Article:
I love my iPhone. So much. But when cell phones first exploded, I used to ridicule the very idea of having internet on a phone. What a silly idea. (Remember when just pushing “up” on your flip-phone’s keypad would start connecting you, and would cost you, like $5, even if you undid it immediately? Grr!)
When the Kindle first emerged, I was angry – actual, hot, don’t-talk-to-me angry. I had wanted to write a book my entire life. This was going to ruin everything. All I’d be able to do now is write a stupid digital file. Today, if you see me leaving the house without my iPad, there’s a good chance my house is on fire.
I am a true, deep fan of social media, but my husband had to drag me on to Twitter, which I now feel is my real online home. I won’t touch Google+. Honestly, I don’t see that one changing. (Sorry, Google. I love Gmail – does that help?)
The emotions we attach to new technology and innovations are strong and personal. It’s funny, the networks and gadgets we immediately embrace, for whatever reason, and those we resist. I tried to pretend like ebooks and Twitter didn’t exist for the longest time because I couldn’t see myself in them. In the case of ebooks, I saw myself obstructed by them – foiled. Twitter felt like an intimidating world built on a whole new language I didn’t understand.
By contrast, when I caught word of Contently, a new online marketplace for writers and publishers, I jumped right in. As a freelance journalist, already swimming in the deep end of digital media, it wasn’t just that I could see myself in Contently, I had been waiting for it. Diving in as an early adopter literally paid off; I regularly contribute to Forbes.com; I’ve written for Slate; so far this year, a third of my income has come directly through Contently.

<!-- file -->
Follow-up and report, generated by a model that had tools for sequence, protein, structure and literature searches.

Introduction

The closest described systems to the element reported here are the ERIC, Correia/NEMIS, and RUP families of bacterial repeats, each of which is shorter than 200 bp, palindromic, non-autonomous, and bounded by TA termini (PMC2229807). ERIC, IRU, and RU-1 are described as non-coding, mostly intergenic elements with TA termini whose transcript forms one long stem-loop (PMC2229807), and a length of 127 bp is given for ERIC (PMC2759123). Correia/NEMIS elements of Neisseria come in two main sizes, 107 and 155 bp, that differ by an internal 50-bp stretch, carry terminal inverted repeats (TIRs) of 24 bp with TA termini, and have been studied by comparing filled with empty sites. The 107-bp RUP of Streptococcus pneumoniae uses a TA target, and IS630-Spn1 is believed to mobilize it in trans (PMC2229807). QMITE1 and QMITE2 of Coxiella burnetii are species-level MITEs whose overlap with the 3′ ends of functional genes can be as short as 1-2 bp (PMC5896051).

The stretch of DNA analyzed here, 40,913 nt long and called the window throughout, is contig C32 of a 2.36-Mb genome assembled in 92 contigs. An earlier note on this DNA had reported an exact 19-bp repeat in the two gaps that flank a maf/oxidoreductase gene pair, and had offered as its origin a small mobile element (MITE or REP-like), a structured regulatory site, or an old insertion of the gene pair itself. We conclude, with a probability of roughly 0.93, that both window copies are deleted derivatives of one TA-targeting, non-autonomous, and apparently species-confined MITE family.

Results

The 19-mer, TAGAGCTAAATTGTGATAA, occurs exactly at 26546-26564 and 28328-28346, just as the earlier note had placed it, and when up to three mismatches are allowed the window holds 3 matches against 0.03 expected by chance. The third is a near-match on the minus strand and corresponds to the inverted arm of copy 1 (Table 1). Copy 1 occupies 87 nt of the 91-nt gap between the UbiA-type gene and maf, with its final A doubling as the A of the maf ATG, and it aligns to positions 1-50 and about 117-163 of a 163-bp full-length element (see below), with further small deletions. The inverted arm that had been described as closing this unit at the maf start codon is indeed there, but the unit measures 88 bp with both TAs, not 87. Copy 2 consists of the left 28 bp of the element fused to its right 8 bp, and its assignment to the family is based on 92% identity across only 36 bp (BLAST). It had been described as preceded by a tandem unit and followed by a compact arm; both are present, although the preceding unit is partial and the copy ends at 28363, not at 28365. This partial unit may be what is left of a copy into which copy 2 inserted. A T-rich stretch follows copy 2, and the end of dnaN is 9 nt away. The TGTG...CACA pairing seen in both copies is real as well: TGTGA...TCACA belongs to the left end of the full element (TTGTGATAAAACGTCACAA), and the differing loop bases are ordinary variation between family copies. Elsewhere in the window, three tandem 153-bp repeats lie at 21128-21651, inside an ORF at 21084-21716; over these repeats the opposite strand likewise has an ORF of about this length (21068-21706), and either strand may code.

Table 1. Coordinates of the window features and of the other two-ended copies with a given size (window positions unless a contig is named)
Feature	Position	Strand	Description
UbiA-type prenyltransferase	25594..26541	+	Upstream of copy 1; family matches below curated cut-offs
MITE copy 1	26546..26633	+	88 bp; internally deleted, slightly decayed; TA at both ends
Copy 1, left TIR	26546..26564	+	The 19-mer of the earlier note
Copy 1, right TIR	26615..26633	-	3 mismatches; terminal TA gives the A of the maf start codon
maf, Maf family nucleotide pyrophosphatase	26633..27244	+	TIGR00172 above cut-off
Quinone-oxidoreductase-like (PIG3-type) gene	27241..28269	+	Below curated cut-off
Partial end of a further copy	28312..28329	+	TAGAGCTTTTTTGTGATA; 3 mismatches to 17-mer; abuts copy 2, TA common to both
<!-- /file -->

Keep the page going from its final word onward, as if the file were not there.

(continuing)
Now that I have finally come around to them, Twitter and ebooks, in different ways, are part of the reason I can do what I do. I’m so grateful they exist, because without them, what I do every day, and what I hope to do for the rest of my life, couldn’t exist.
This doesn’t mean we should or shouldn’t be totally in love with every new thing because we’re eventually going to love it. We aren’t (see: my feelings on Google+). But every time Gmail forces us to compose differently or the internet breaks with excitement over six-second videos or Google Glass suddenly exists, maybe we could be a little less cranky. I mean, I could be less cranky about it.
Because, who knows? Maybe we could see ourselves in those things. It’s definitely worth the energy to imagine the possibility. Because maybe those things, or the next things, will totally change our lives.
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